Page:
Economy's second-biggest export earner growing, driven by rises from Germany and US despite high dollar.
Spending by tourists is up 18 per cent in the past year as the tourism industry continues its recovery from tough times.
Visitor survey figures show total spending rose 9 per cent to almost $7 billion. Spending by tourists while in the country is the biggest component of that and was up to $4.2 billion, excluding air fares and pre-bookings.
Tourism is New Zealand's second biggest export earner after dairy and the figures show average spending in the year to March was also surging, driven mostly by increases from Germany and the United States in spite of the high kiwi.
Total spending by Americans was up an estimated 55 per cent to $727 million and spending by visitors from China rose 19 per cent to $869 million.
Ministry of Business Innovation and Employment sector performance manager Peter Ellis said the increases confirmed a trend.
"This confirms what industry-watchers have been saying, that from the beginning of 2013 tourism business has picked up after five or six years that were really tough apart from the Rugby World Cup."
Arrival numbers are also up, with traditional Western markets pushing up numbers by 6.1 per cent to 2.78 million in the year ended in April.
Germany, the United States and Britain recorded growth of 16.3 per cent, 11.3 per cent and 2.8 per cent respectively for the 12-month period.
Tourism New Zealand promotes the country overseas and its chief executive, Kevin Bowler, said overall visitor spend was ahead of the Tourism 2025 growth target of 6 per cent.
"What's different today over two or three years ago is that we've still got the Asian growth but we've got strong growth out of traditional markets that have been very flat or going backwards during the global financial crisis."
Prime Minister and Tourism Minister John Key said at the TRENZ gathering in Auckland yesterday a $158 million boost to tourism promotion over four years announced last year was starting to pay dividends.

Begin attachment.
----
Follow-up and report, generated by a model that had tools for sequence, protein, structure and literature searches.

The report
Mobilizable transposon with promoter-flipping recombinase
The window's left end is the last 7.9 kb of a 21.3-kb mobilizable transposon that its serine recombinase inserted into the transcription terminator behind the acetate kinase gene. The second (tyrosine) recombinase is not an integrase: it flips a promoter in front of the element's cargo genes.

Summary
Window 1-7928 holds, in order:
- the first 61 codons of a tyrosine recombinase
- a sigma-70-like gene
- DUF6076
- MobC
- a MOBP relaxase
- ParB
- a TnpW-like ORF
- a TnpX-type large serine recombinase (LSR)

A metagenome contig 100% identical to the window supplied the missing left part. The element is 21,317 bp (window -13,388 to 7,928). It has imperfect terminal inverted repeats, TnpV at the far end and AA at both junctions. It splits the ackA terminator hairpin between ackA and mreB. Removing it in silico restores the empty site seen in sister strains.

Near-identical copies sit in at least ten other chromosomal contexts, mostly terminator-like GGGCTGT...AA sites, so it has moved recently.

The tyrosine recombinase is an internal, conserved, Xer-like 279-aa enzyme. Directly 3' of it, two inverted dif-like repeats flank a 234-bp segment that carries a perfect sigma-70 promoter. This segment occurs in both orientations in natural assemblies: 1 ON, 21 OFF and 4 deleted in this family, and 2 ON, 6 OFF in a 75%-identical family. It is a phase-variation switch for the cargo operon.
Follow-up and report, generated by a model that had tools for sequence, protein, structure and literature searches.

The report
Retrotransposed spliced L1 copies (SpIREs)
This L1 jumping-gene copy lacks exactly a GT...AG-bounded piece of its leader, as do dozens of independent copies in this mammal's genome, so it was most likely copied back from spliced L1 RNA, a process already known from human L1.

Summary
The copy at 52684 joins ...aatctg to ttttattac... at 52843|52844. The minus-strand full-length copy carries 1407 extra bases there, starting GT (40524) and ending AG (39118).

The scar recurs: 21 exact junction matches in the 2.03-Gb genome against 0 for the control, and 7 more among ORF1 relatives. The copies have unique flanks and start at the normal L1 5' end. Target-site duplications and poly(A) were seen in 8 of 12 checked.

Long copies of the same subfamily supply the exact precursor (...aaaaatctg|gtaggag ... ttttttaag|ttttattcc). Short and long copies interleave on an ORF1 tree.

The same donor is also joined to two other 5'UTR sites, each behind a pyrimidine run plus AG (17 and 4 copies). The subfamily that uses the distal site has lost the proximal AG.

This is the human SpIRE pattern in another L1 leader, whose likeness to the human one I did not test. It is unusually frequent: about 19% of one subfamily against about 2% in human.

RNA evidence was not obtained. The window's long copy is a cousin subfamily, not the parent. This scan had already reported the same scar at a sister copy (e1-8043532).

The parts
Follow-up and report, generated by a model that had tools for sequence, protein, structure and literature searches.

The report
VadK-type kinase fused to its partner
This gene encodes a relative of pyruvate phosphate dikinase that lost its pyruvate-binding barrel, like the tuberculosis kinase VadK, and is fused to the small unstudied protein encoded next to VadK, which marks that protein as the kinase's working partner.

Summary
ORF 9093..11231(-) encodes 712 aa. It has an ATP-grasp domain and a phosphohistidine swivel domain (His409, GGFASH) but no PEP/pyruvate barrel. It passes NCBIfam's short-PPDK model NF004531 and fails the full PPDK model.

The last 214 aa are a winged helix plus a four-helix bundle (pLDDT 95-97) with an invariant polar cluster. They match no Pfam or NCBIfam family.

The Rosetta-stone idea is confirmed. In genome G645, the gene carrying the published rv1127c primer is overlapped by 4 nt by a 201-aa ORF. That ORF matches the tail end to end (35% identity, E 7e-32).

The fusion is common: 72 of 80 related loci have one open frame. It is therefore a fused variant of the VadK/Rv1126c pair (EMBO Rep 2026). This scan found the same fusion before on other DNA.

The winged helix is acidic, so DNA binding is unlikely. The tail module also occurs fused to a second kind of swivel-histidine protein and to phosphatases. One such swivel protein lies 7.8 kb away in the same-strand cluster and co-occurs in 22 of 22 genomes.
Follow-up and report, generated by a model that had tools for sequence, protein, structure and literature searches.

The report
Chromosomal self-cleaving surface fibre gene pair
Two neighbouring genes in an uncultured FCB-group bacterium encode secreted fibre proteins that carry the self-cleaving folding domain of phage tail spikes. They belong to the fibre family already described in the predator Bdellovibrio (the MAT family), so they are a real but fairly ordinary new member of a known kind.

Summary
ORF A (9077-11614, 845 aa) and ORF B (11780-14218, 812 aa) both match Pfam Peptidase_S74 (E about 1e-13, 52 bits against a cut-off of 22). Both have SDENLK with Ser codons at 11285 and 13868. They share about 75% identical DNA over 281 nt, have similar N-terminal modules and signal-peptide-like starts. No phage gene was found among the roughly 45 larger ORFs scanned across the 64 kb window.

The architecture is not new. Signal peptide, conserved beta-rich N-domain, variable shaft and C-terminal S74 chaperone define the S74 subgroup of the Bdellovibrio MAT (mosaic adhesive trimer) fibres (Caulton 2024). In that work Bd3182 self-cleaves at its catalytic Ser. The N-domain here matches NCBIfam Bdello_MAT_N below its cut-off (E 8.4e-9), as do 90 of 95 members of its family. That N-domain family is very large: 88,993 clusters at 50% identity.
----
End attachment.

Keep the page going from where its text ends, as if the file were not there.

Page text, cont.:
Tourism NZ was targeting the luxury market, the convention and incentive market and new areas including Latin America, India and Indonesia.
Key said the healthy figures were attributable to the strong marketing push, the spinoff from publicity around The Hobbit movies and healthier economies in traditional markets.
He said a visitor survey last year showed 9.5 per cent of all arrivals were influenced by The Hobbit movies.
Key also announced six tourism projects had been awarded $3.84 million by the Government as part of its Tourism Growth Partnership scheme.
Those getting the money were matching it with $23 million of their own funding.
Those getting the funds range from support for Auckland Airport to spend on marketing in China's Guangdong province to an adventure park in Christchurch.
Key also updated progress on the network of cycle trails. He said 16 of the 23 planned cycle trails (2516km of 2700km) had been finished.
An estimated 100,000 people had cycled or walked the trails in January.
• Air New Zealand and alliance partner Virgin Australia will increase transtasman capacity to Queenstown by almost 50 per cent - 36,000 seats - over the upcoming summer period of November to March compared with the same period last year.
PM doubts cup will be affected
Prime Minister and Tourism Minister John Key says the cricket match-fixing allegations with former New Zealand players in the spotlight are unlikely to affect next year's Cricket World Cup which is being co-hosted by this country.
"If the allegations were to be proved they would reflect very badly on the individuals but I don't think on New Zealand as a whole."
New Zealand is co-hosting the cup with Australia next February and March in what will be the biggest sporting event of the year and a golden opportunity to leverage tourism and trade. Between 15,000 and 25,000 fans are expected in the country and the size of the potential global television audience has been put at 2.2 billion.
Key said at the Trenz conference in Auckland allegations of match-fixing in cricket in particular had been around for a long time.
"If anything they reflect the internationalisation of the game but it would be extremely disappointing if it was to be proven there were New Zealanders involved in match fixing."